Nick Cave admits he was "deeply possessive" over his son's tragic death.
The Bad Seeds frontman's son Arthur, 15, fell off a cliff near the family's home in Brighton in 2015 and died from his injuries. Cave now says he and wife Susie Bick struggled with the fact the accident impacted on everyone who lived in the area.
In a Q and A session on The Red Hand Files, he was asked for advice on coping with grief by a fan named Hannah whose mother had been killed.
The 62-year-old wrote: "The tragedy of my son's death is inscribed into the collective consciousness of the town where we live and where he died. I have had to learn to share the reality of his passing with the town itself, because it affected us all.
"I doubt there was a mother in Brighton who did not feel a chill of horror and cling to her own children a little tighter upon hearing the news of Arthur's senseless accident. But Arthur was our child, our own flesh and blood; Susie and I didn't want to share him with anyone, and we were deeply possessive over his absence."
But eventually, the couple grew to "understand" that Arthur was mourned by their wider community and a lot of people shared the feelings he and Susie had.
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He continued: "It took us some time to understand that, while he belonged to us, he belonged to the world too.
"In time, we understood that, although we were the ultimate custodians of Arthur's memory, he was in fact mourned by many and many people felt outraged at the cruelty and randomness of the event, just as we did.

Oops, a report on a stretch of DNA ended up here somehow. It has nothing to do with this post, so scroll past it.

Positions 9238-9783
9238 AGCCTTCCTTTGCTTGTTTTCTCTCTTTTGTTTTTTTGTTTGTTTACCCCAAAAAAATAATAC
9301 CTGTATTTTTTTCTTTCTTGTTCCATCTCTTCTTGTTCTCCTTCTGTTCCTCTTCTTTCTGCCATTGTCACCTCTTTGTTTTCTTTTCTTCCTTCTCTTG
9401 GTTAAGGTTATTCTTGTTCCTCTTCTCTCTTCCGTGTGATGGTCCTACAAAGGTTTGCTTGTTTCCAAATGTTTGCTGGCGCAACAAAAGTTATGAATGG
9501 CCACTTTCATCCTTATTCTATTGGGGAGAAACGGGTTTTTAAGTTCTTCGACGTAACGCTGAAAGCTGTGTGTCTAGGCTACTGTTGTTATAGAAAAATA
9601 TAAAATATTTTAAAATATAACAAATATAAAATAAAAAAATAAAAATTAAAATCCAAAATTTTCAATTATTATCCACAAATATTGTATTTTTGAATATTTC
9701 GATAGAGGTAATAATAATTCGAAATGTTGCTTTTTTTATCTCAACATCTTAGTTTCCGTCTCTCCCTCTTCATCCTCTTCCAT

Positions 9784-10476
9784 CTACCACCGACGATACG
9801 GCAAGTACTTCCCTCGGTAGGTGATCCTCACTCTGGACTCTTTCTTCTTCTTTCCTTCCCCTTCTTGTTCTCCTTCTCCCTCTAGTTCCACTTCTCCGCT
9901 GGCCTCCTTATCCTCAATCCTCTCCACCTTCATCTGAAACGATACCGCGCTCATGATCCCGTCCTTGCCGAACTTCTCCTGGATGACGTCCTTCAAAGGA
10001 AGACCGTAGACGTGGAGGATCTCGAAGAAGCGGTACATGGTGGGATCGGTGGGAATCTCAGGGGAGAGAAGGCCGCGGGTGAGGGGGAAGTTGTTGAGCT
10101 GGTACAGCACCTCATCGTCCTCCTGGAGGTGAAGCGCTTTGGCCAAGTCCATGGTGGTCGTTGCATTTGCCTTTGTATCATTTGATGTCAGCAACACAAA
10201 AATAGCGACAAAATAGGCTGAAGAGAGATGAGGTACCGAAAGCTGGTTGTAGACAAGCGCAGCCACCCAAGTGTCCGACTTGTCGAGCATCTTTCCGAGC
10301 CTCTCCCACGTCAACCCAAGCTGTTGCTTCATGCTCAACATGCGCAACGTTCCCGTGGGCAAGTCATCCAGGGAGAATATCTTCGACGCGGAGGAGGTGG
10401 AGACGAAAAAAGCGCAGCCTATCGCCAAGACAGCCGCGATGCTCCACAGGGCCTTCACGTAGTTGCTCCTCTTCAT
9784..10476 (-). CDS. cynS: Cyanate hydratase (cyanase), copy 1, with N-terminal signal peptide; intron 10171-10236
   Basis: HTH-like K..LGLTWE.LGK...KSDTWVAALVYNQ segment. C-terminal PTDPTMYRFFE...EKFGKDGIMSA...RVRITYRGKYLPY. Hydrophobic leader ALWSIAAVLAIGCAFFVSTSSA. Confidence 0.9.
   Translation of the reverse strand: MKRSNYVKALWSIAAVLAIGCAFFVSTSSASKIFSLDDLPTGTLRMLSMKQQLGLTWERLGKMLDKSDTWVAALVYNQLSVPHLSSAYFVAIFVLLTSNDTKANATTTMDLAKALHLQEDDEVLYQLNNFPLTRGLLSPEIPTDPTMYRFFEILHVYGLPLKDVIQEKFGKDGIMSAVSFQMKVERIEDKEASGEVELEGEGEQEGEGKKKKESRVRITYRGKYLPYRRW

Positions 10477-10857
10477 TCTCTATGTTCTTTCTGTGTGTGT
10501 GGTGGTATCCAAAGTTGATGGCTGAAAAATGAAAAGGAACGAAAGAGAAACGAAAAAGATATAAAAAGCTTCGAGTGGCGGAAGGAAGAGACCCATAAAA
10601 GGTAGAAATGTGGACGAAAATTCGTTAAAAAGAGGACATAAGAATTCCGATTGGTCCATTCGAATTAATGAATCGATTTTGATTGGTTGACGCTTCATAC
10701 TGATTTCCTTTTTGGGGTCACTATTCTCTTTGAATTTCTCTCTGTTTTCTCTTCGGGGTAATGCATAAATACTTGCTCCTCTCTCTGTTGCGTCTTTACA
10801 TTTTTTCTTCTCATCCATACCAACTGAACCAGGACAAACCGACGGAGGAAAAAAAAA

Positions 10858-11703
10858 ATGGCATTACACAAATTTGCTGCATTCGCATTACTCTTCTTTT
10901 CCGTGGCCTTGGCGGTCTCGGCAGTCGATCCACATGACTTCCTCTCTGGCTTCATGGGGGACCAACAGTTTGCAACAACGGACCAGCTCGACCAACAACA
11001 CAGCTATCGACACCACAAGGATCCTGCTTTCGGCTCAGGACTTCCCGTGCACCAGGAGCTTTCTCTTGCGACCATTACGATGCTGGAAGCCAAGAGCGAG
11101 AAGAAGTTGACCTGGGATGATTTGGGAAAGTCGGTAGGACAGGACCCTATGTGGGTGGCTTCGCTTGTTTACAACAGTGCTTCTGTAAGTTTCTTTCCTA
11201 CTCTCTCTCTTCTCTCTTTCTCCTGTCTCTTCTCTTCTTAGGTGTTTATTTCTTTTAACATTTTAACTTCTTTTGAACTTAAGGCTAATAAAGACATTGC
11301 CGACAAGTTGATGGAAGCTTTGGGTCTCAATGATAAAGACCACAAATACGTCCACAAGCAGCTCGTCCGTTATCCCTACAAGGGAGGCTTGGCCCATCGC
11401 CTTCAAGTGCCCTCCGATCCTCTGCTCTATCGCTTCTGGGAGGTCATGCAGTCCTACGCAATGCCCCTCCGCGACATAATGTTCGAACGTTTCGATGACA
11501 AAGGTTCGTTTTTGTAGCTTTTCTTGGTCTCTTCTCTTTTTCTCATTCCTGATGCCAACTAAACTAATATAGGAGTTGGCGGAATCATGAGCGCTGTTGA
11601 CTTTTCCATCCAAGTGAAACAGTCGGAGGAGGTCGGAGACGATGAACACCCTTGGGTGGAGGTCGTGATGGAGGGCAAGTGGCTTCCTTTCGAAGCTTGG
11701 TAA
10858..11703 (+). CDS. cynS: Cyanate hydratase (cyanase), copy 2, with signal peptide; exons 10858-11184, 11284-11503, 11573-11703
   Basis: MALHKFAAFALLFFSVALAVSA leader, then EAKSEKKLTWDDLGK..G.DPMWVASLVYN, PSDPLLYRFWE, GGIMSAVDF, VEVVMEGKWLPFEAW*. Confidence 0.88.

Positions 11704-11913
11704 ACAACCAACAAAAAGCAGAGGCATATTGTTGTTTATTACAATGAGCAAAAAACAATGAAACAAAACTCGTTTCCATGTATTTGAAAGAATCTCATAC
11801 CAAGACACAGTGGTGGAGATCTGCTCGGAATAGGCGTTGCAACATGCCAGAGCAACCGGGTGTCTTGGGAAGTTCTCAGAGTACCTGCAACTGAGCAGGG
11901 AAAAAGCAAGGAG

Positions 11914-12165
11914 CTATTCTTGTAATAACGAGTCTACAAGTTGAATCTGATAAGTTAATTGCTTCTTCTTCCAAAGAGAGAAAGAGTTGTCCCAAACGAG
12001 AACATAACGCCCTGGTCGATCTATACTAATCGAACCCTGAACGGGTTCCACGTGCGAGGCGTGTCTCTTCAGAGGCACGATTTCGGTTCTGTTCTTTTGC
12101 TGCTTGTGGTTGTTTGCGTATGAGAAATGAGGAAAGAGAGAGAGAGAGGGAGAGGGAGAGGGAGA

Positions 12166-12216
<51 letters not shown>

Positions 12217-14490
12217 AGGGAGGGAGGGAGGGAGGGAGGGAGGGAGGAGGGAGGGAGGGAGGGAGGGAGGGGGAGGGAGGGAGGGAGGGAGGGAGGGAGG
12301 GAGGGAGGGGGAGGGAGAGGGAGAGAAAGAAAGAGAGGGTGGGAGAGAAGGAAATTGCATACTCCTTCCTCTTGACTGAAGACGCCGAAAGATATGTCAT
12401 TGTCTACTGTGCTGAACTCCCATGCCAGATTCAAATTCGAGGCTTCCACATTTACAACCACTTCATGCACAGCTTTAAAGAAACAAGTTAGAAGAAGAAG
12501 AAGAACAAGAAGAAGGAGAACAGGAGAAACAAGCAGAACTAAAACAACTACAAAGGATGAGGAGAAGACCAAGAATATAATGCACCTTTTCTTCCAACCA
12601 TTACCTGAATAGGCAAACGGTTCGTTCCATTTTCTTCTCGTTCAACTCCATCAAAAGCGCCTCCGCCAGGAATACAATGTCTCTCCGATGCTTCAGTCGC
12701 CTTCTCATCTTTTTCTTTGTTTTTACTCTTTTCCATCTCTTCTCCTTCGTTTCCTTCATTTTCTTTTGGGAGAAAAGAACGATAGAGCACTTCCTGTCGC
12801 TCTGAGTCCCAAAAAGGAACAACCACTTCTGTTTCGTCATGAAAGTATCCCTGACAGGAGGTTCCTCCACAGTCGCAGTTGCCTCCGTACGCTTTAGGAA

"Susie and I, individually and together had to find a way to be with Arthur, but also to share him with a multitude."
The veteran rocker and his wife were eventually able to find their own place to grieve Arthur and have a "necessary and ongoing conversation" with him.
Hannah's mother was killed by a white supremacist in an attack on a synagogue and Nick told her that her anger was both "justified" and "essential" as she mourns her parent.
He wrote: "It feels to me that the meaning exists within the anger. Not only is your anger justified, it is compassionate and essential and, as you said, connects you to your mother, even as those around you take possession of her, eclipsing your feelings with their own needs.
"The righteous energy of your anger is the flaming sword you hold above your mother's memory. It may be the very thing that protects her, shielding her from the suffocating demands of the world. Perhaps, at this time, your anger is a way of safekeeping the spirit of your mother, of caring for her, of seeking her, of calling her to you. It is a pure and holy anger."